Many Kiwi tokers have come to prefer the indoor varieties, especially skunk grown from imported seed stock. To some, “bush weed” has become downmarket, although others prefer the more natural buzz that they say comes from sunlight and organic soil.
Indoor growing technology continues to become cheaper and more accessible, making city smokers increasingly less dependent on rural suppliers. Poorer areas of the country, where the local economy has been boosted by the cannabis crop, have suffered accordingly.
In 1970 the average price of a Kiwi ounce was $30NZ ($10US). By 1990 it had risen to around $300NZ, more than keeping pace with inflation. Nowadays bush weed goes for $200 to $300 an ounce, while indoor skunk can fetch $400 an ounce or more.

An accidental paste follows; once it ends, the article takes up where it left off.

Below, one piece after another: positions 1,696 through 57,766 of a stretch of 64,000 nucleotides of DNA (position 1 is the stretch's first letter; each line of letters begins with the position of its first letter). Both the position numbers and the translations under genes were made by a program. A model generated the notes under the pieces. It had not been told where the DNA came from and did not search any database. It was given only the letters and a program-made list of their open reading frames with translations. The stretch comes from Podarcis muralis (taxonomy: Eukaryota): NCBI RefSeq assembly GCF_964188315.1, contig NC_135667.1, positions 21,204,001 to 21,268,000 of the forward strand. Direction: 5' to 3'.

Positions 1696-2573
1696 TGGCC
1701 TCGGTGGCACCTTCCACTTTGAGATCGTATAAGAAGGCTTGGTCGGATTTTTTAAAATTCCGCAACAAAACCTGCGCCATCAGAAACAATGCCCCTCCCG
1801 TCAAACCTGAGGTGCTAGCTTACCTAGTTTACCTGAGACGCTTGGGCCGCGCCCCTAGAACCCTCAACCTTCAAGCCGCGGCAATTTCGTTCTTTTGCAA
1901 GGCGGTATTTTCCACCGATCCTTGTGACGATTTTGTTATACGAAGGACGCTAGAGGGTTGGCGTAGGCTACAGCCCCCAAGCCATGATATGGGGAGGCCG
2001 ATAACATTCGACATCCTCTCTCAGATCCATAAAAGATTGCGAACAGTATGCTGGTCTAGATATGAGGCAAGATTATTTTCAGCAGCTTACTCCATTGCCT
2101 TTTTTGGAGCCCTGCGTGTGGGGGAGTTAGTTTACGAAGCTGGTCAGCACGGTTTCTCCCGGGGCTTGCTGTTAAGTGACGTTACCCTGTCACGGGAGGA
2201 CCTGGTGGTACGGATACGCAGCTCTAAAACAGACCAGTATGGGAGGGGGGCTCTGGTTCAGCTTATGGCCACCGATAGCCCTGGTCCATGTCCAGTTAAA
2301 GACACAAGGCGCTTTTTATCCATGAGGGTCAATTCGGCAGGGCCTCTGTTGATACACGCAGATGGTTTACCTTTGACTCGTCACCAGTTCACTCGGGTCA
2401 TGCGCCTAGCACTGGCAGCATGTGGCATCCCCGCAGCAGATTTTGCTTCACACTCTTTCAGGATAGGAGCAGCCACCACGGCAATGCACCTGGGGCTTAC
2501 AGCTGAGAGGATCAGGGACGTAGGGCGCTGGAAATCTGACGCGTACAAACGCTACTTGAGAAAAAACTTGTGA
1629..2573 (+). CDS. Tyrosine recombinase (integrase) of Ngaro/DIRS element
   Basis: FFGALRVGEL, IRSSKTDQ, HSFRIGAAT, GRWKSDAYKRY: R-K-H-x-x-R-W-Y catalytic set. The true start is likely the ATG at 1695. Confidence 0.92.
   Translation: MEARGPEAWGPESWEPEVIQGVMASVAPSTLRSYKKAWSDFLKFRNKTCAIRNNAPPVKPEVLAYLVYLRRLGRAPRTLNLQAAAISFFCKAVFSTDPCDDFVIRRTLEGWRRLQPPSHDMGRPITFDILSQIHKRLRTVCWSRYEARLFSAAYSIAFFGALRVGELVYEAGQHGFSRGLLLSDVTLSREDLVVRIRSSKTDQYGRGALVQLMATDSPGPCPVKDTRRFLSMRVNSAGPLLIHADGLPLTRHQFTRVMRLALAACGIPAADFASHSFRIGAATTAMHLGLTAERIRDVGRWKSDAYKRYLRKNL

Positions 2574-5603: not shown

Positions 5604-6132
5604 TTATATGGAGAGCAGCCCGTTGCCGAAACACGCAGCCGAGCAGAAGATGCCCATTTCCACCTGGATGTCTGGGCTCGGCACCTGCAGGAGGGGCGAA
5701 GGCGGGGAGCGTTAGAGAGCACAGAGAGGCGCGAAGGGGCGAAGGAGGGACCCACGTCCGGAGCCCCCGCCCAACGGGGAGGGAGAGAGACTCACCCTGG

A tinnie (or bullet) with enough for two modest joints wrapped in tinfoil sells for $20 to $25NZ ($8-10US). For those who want more but do not want to invest in a full ounce, the $50 bag is a popular unit. This can contain anything from three to seven grams, depending on the quality and who you know.
Has New Zealand Green gotten stronger over the years? Scaremongering prohibitionists say yes, scientific tests say no. The Southern Hemisphere ozone hole ensures outdoor Kiwi herb gets plenty of ultraviolet radiation. The plant produces THC to protect itself against UV, and the ozone hole is growing. What does this mean for New Zealand Green? Watch this space.